Gordon Holm is a retired teacher. Ernie Pritchard retired from ADOT.
The two Mazatzal Mountain Air Park residents don't consider themselves wealthy, an image they say was created by the media and Jim Hill, owner of The Door Stop.
"We've got an image of being a bunch of high-falutin' rich, upscale people that are snobbish, and we really aren't," Pritchard said. "In fact, we're just the opposite -- we're down to earth people."
Pritchard and Holm also say the group that opposes Hill, Citizens Against Noise and Industrial Travesties (CANIT), is much broader-based than portrayed by Hill and the media.
"Contrary to what you were (told), CANIT is a third of us here (in Mazatzal Mountain Air Park), a third of Sky Park (industrial park), and a third Country Club Vistas," Holm said. "There's about 15 from each group, about 45 or 50 people."
CANIT was formed to take on Hill over the near constant hum or whine that emits from The Door Stop during its two shifts, especially because Hill wants to eventually add three more buildings and a third shift.
CANIT claims the noise is a nuisance they shouldn't have to put up with and wants the town to pass a restrictive noise ordinance. Hill says he can't meet the noise levels they want in an ordinance, and that without operating 24 hours a day, he cannot remain competitive.
Both sides offer sound level readings to back their contentions, and each disputes the other's numbers.
The Roundup recently took separate readings and compared them to readings taken simultaneously by Holm. On the deck of the home of Dennis Romane, about 30 yards from The Door Stop, the Roundup recorded readings of 66-69 decibels, while Holm's meter registered 68-69.
According to a decibel comparison chart, the sound is equivalent to normal conversation at a distance of three to five feet, but Holm said only one of three dust collectors was running at The Door Stop at the time the readings were taken. He said he suspected Hill had been tipped off to the fact that the Roundup would be taking the readings and intentionally turned most of his equipment off, a charge Hill denies.
Holm also disputed a statement in a previous Roundup story that said airplanes on an airport runway produce 120 decibels, claiming that only larger aircraft emit such high levels and that Payson's location and atmospheric conditions make decibel comparison charts almost useless here anyway.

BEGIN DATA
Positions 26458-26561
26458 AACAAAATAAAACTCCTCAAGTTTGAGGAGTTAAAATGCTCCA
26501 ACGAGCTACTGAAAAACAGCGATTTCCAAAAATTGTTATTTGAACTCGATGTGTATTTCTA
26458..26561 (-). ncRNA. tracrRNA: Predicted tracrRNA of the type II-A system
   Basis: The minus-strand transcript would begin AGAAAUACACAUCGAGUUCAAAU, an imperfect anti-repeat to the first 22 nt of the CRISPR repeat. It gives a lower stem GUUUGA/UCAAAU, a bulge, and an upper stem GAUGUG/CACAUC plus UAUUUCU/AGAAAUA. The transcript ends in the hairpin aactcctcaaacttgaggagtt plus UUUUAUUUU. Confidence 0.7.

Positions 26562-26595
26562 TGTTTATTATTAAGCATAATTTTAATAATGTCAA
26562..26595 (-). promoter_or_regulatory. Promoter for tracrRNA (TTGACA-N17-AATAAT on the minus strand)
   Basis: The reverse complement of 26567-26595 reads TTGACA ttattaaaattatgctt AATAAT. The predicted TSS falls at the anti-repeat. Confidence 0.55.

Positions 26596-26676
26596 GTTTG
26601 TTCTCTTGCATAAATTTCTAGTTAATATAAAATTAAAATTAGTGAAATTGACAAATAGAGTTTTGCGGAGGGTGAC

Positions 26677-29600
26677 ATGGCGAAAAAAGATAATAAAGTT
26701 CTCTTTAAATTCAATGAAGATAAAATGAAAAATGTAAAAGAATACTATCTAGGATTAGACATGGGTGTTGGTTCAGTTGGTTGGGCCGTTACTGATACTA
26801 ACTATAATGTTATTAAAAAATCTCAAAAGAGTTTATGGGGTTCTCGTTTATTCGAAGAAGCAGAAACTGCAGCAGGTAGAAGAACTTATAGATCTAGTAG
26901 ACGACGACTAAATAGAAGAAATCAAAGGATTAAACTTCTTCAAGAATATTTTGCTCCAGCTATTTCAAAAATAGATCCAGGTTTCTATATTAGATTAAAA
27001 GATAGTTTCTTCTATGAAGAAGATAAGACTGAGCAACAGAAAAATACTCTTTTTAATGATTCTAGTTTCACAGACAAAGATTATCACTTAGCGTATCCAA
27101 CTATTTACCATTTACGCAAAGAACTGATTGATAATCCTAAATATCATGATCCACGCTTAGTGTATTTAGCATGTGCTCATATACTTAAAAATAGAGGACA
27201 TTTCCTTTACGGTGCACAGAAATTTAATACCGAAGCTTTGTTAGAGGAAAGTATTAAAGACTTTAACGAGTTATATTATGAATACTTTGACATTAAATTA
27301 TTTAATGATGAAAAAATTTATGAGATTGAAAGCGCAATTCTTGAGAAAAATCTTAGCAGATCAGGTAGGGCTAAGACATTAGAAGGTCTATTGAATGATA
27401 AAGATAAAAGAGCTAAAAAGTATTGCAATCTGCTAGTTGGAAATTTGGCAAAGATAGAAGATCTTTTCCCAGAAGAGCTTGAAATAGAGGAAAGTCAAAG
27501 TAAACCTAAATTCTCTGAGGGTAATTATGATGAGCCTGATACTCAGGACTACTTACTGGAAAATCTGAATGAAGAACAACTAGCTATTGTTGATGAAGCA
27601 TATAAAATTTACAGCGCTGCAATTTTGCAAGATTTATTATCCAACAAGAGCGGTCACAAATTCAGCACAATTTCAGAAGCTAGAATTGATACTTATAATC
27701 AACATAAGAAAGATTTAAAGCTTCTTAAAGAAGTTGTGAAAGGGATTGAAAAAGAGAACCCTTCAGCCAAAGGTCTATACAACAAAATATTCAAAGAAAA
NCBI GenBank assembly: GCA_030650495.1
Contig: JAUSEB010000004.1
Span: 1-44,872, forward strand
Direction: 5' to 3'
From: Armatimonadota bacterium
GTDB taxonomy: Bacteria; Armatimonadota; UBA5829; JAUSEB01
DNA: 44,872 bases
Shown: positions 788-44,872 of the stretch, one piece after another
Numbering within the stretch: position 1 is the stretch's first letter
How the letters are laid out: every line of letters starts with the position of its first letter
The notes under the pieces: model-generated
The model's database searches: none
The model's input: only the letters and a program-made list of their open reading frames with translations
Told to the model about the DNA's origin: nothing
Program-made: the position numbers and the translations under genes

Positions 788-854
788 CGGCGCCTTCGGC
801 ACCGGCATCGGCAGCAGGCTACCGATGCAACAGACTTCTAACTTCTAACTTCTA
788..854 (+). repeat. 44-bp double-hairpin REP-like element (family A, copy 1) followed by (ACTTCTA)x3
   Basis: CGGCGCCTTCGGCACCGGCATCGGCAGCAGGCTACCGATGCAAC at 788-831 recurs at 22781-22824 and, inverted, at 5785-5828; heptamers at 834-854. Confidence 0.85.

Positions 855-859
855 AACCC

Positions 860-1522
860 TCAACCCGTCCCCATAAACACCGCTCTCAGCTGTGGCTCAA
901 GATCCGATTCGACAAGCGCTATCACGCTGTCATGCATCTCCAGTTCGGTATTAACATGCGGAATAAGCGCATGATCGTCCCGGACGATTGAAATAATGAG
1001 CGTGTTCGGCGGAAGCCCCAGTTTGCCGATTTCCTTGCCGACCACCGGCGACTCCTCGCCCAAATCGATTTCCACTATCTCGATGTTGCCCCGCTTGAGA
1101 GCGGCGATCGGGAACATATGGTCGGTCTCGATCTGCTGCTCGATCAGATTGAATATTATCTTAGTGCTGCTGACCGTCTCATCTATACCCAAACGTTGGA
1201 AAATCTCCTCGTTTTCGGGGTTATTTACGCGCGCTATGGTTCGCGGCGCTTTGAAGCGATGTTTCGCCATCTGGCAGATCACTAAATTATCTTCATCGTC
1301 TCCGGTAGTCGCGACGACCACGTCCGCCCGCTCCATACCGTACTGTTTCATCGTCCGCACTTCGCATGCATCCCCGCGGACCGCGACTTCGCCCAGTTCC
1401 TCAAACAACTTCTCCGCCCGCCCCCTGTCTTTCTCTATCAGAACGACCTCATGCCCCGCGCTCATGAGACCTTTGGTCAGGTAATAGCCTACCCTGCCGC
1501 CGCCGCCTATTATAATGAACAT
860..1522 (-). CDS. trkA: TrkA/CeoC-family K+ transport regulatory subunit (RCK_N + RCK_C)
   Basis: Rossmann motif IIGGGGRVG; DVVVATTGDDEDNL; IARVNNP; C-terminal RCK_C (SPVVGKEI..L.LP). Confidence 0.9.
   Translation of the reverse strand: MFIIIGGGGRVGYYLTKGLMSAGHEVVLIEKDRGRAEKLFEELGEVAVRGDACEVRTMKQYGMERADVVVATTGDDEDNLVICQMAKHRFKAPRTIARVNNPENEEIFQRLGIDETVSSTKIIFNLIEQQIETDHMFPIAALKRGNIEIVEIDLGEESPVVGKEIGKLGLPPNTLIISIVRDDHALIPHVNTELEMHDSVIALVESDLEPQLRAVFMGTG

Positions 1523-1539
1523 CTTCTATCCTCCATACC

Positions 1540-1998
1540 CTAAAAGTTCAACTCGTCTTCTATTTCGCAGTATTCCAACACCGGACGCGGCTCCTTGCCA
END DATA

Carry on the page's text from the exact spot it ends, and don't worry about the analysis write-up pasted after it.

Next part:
"That's at sea level on a standard day, and we're at 5,000 feet," he said. "That reduces the noise almost 40 percent. An airplane runs in the 70s and that's the maximum they're going to run up here because of the altitude and temperature."
Holm also accuses Hill of using "1940s technology" and says he could fix the problem if he wanted to.
"He can put a wall around it, drop sound blankets inside the wall," he said. "He could even use hanging sound blankets just like they do in an industrial shop and it would absorb 90 percent of that sound."
CANIT has suspended negotiations with Hill.
"We originally thought we were negotiating with him and thought we were arriving at a solution, then we turned around and got stabbed in the back," Holm said. "He went to the town and then he went to the newspaper."
"What Mr. Hill is doing is a media blitz with the town and the paper to influence the town council to give him a free noise level at his location, and I have a problem with that," he said.
Hill says what CANIT wants would require a 20-foot high, one-foot thick lead wall that would cost hundreds of thousands of dollars. He says he is doing his best to be a good neighbor and that CANIT's allegations are confusing.
Meanwhile, the town council is moving forward on a noise ordinance. At its April 22 meeting, Community Development Director Bob Gould was asked to prepare a draft ordinance. Town Manager Fred Carpenter doesn't expect to see that draft before the council until the July 8 meeting.
Unable to wait, Hill has decided to base his new cabinet drawer division in Chandler, at least for the time being. But he is still talking to the town about a noise ordinance he can live with.
Much of the blame, Holm and Pritchard say, belongs to the town in the first place.
"The town didn't give him, as they were supposed to, the deed restrictions, the CC and Rs for Sky Park, nor did they give him the M1 zoning ordinance, which clearly states that he can't be that noisy," Holm said. "The town created the mess, and the town has to clean up the mess."
Gould takes exception.
"It's not a true statement," he said. "The use is a permitted use up there. I don't know where he gets his zoning regulations from."
The town is holding an open house on noise at 6 p.m. Tuesday, June 1.
"We want people to come in and give us their concerns about noise, because we're in the process of drafting the ordinance," Carpenter said.
Mayor-elect Barbara Brewer was emphatic about where she stands on the issue.
"I will support a reasonable noise ordinance, but not one that prohibits The Door Stop from continuing its operation -- a 24-hour operation," she said. "I think we need to protect the employers that have invested millions in the community. You don't go back and retrofit something you encouraged to come here in the first place."
While she still favors "a give and take," she said she questions CANIT's credibility.
Holm and Pritchard say they're not going away.
"We've been called the rich, whiny pilots," Holm said. "We've been called dummies and (expletive) and everything else. I intend to fit the description ... I'll be the (expletive)."
Pritchard is less combative, but also resolved.
"(The Door Stop) isn't consistent with a small town that isn't trying to be a Detroit or Pittsburgh," he said. "More than half of our town is over 55 and retired. We're a mountain resort community. We want them here, but we want them to fix the sound."